Among the many preparations needed for retirement and estate planning, retirement savings provide a fantastic tax shelter. However, you need to understand Roth IRA rules and other contribution requirements to maximize those tax savings.
Essentially, contributions to a retirement savings plan are made on a pretax basis – employers match employee contributions to a plan, but that “income” isn’t taxable until it’s received, once the employee has retired.
With a Roth IRA, the contributions you make aren’t tax-deductible, however, the withdrawals that you make in the future won’t be taxed – making it a great option for those who expect to have higher incomes in their retirement.
To learn more about Roth IRA and traditional IRA rules, read on for information that can help you amp up your savings and earnings.
The Roth IRA
The limit for Roth IRA contributions is $5000 if you’re under the age of 50 and $6000 if you’re over the age of 50. After 2008, those limitations are expected to increase in increments of $500, depending on the inflation rate.
Unfortunately, contributions are subject to eligibility limitations too. For example, a married couple that jointly earned between $150,000 and $160,000 or higher, or a single individual who earns $95,000 to $110,000 or higher can’t contribute to a Roth IRA. Instead, they must depend on a 401(k) Roth.
401 (k) Roth
Employees can now opt to make some of their elective retirement contributions Roth contributions. Historically, any deferred salary or 401(k) contributions were deducted from your taxable wages. However, any contributions considered Roth contributions to a 401(k) Roth are now included in a person’s taxable wages, though they may be free from federal income taxation.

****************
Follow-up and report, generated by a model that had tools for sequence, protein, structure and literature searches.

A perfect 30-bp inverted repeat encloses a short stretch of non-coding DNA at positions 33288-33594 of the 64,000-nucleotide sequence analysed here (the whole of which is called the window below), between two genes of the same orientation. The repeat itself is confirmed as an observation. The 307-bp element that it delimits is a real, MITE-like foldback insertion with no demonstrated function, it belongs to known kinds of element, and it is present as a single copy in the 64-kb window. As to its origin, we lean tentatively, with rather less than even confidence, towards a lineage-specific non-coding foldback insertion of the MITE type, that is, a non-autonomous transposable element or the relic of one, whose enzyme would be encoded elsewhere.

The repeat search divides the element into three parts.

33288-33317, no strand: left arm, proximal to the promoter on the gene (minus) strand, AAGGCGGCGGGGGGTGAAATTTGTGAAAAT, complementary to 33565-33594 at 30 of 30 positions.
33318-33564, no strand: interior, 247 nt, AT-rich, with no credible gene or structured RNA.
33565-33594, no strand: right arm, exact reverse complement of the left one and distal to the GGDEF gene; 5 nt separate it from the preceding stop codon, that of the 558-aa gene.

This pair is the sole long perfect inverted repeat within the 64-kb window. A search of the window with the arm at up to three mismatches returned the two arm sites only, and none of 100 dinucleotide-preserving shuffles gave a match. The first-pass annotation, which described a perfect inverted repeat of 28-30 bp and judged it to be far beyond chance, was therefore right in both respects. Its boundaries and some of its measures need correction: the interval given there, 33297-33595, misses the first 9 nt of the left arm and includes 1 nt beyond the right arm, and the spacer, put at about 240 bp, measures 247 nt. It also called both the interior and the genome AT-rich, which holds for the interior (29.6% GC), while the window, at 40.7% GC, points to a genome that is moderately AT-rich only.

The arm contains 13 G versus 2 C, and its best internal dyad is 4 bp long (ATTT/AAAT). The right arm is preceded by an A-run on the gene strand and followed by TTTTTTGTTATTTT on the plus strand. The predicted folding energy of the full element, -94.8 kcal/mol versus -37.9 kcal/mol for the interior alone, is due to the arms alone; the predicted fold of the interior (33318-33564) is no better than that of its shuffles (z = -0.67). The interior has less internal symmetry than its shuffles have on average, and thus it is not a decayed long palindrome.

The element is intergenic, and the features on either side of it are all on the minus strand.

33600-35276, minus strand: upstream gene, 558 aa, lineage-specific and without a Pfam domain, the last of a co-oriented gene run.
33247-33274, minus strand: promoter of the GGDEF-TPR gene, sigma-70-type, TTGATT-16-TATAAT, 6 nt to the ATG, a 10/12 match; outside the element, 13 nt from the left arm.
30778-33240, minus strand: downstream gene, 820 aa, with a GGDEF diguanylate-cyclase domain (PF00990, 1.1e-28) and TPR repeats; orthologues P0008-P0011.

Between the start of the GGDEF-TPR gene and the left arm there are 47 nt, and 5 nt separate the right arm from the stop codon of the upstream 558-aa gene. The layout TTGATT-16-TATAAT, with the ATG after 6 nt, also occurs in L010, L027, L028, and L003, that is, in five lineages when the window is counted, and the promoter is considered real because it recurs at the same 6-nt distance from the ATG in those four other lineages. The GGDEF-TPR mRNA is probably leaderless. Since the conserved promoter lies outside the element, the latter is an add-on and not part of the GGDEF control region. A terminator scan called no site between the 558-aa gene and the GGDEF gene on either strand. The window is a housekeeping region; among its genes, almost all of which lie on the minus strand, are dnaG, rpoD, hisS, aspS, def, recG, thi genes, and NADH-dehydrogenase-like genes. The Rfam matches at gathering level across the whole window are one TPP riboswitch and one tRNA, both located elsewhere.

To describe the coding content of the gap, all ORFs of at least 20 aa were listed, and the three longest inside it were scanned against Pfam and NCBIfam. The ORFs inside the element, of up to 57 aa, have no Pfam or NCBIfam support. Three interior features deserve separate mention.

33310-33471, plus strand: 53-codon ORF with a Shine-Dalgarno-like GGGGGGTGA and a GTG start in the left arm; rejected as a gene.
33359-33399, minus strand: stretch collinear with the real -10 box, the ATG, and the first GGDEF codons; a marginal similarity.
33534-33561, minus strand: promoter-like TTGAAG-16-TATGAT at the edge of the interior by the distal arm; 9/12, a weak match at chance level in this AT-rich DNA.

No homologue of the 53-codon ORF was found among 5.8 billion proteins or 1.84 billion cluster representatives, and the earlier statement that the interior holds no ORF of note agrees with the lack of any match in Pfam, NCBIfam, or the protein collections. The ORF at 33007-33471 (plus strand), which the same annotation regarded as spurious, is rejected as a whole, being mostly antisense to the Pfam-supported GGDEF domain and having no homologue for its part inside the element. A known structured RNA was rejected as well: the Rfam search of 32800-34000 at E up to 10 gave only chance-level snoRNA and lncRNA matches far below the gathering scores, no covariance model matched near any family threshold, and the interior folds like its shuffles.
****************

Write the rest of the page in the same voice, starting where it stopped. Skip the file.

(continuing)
Roth 401(k) plans are typically more advantageous for individuals with high incomes than a standard Roth IRA account. There are no AGI (amount of your income that’s taxable) limitations, and the contribution limit is significantly higher (currently sits just over $15,000 – and if you’re over 50, that increases to $20,000). The return on investment is also potentially significantly higher.
Switching from a Traditional to a Roth IRA
Unfortunately, you can only convert a traditional IRA to a Roth IRA if your Modified AGI income is less than $100,000 per year. Also, if you’re married, but file separately from your spouse then you are usually not allowed to convert your IRAs. However, your converted amount could be considered taxable income, though future growth is tax-free. Finally, when you convert to a Roth IRA, you aren’t required to make withdrawals at age 70.5.
If you’re concerned about the Adjusted Gross Income restrictions currently in place for Roth IRAs conversion, there is good news on the horizon. After 2019, new Roth IRAs rules will eliminate the $100,000 income limit on conversions from traditional IRAs to Roth IRAs. Also, any taxes due on 2019 conversions can be paid in a two-year installment.